Just let both exist ! And use the more practice for you.

I like the both !

Fab.

Letting both exist is confusing. π needs to die!

Storm in a teacup. Pi is better with regard to almost anything; it is simpler, for a start. 2xPi is just 2xPi. The fact that it makes trivial radian angle a tiny bit more trivial should not mask the fact that it makes areas more complicated (the area of a unity circle is Pi; how simple is that?), and is wholly unneeded to begin with. “Tau” is just a multiple of Pi.

The only people who care about “tau” are the people who can’t multiply by 2 (but stangely enough, can divide by 2, apparrently). SOME mathematicians…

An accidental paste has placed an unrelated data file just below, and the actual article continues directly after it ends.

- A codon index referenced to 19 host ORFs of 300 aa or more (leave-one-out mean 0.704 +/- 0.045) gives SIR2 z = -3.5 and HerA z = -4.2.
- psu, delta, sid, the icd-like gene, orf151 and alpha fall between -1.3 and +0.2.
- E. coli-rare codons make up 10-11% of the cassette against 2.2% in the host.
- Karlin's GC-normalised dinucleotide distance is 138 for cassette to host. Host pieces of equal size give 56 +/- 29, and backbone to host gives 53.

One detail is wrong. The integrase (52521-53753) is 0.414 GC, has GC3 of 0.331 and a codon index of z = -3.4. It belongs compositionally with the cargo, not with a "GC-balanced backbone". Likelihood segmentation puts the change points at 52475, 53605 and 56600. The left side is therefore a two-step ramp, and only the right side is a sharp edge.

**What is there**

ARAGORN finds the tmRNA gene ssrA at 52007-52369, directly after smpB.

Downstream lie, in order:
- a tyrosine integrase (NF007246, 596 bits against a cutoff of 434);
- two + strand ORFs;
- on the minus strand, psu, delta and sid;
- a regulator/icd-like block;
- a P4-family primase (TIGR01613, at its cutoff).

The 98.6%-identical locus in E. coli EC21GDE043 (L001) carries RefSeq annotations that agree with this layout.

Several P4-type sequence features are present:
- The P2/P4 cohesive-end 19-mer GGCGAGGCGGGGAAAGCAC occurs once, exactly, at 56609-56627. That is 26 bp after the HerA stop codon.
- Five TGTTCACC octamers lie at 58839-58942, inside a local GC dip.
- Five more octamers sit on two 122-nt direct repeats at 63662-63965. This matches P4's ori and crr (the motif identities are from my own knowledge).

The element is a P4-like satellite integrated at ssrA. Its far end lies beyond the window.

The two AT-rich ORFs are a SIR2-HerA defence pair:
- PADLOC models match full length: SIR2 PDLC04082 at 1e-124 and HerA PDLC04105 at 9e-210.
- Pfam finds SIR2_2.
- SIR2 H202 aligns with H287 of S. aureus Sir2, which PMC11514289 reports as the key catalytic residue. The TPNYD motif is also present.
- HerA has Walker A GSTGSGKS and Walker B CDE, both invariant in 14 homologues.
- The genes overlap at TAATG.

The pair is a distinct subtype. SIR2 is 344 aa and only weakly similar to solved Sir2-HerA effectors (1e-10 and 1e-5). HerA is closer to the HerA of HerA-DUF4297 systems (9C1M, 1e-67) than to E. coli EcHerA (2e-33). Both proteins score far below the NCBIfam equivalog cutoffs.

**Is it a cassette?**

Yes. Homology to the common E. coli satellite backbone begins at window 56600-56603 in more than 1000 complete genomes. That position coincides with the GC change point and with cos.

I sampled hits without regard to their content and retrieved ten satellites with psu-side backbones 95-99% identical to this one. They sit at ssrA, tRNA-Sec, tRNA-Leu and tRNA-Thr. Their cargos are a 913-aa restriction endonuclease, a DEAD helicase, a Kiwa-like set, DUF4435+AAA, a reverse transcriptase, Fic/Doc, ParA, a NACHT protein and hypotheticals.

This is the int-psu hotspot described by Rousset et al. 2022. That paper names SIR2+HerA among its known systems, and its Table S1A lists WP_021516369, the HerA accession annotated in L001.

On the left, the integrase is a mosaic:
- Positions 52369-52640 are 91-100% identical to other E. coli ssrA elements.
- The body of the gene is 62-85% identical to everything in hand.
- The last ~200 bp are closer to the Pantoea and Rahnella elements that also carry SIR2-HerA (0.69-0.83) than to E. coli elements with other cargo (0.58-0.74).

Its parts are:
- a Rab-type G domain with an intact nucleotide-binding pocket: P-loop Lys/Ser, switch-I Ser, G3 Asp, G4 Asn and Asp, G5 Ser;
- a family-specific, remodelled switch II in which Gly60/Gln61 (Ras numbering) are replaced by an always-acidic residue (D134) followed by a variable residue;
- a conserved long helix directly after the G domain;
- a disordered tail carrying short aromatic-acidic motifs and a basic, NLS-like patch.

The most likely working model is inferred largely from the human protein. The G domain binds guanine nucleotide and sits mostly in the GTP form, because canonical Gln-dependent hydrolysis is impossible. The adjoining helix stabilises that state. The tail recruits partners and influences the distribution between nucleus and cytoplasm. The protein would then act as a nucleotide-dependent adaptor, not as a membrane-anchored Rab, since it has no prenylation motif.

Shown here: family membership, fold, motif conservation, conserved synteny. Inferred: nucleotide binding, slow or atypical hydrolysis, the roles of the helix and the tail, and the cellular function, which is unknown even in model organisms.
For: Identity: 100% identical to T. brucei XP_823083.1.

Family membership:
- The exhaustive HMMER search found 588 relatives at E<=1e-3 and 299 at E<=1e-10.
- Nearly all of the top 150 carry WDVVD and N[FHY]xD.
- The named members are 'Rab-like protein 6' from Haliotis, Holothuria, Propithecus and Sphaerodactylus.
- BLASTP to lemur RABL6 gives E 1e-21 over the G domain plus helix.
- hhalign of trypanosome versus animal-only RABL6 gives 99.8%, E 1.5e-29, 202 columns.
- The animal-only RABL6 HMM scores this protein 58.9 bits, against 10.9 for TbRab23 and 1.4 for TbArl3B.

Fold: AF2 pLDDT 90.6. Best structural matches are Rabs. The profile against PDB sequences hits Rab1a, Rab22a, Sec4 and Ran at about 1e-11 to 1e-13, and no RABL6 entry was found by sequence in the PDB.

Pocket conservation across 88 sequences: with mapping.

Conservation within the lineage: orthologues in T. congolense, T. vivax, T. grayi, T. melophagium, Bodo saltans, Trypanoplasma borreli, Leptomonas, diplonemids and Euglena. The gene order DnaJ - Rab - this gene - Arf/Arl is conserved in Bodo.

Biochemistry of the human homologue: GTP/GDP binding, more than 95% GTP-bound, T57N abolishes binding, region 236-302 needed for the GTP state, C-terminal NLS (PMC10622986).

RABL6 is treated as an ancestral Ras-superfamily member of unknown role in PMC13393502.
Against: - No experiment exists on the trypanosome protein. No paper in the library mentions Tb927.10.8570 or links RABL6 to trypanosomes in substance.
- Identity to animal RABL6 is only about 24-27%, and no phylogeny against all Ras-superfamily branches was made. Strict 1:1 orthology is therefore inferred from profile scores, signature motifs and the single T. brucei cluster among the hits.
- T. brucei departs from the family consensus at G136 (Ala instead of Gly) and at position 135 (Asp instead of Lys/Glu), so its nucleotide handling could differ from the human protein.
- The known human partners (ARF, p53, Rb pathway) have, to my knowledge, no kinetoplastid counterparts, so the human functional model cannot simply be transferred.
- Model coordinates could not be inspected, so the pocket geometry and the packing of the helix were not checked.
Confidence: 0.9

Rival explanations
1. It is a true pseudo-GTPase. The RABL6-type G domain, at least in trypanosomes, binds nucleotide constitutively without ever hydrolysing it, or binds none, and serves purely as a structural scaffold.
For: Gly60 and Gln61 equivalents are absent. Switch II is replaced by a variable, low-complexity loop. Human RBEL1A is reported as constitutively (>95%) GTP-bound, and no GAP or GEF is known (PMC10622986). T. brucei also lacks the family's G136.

I can see C = (Tau)r, but what about area of a circle formula – you would just have to have 1/2(tau)r squared and that kind of defeats the point

Many other formulae are in the same sort of form as 1/2tau r^2,

for example Ek = 1/2mv^2

E = 1/2kd^2

and A = 1/2∫r^2 dr etc.

I think there are more important mathematical concepts to muddy the brain with than whether we double or half pi to make it make more sense. Also, I’m an extremely biased pi zealot.

The idea is interesting, but I do not believe it will become popular. Everyone is so familiar and comfortable with pi. Pi is also related to almost everything around us. Anything with a circle has a circumference of roughly 3.14. It would be too much of a change for people to move on from pi. However, tau is more simple because it is only one turn as opposed to two. I just think it would be too much of a change for pi since most people are comfortable with pi, and we all know most people do not like change.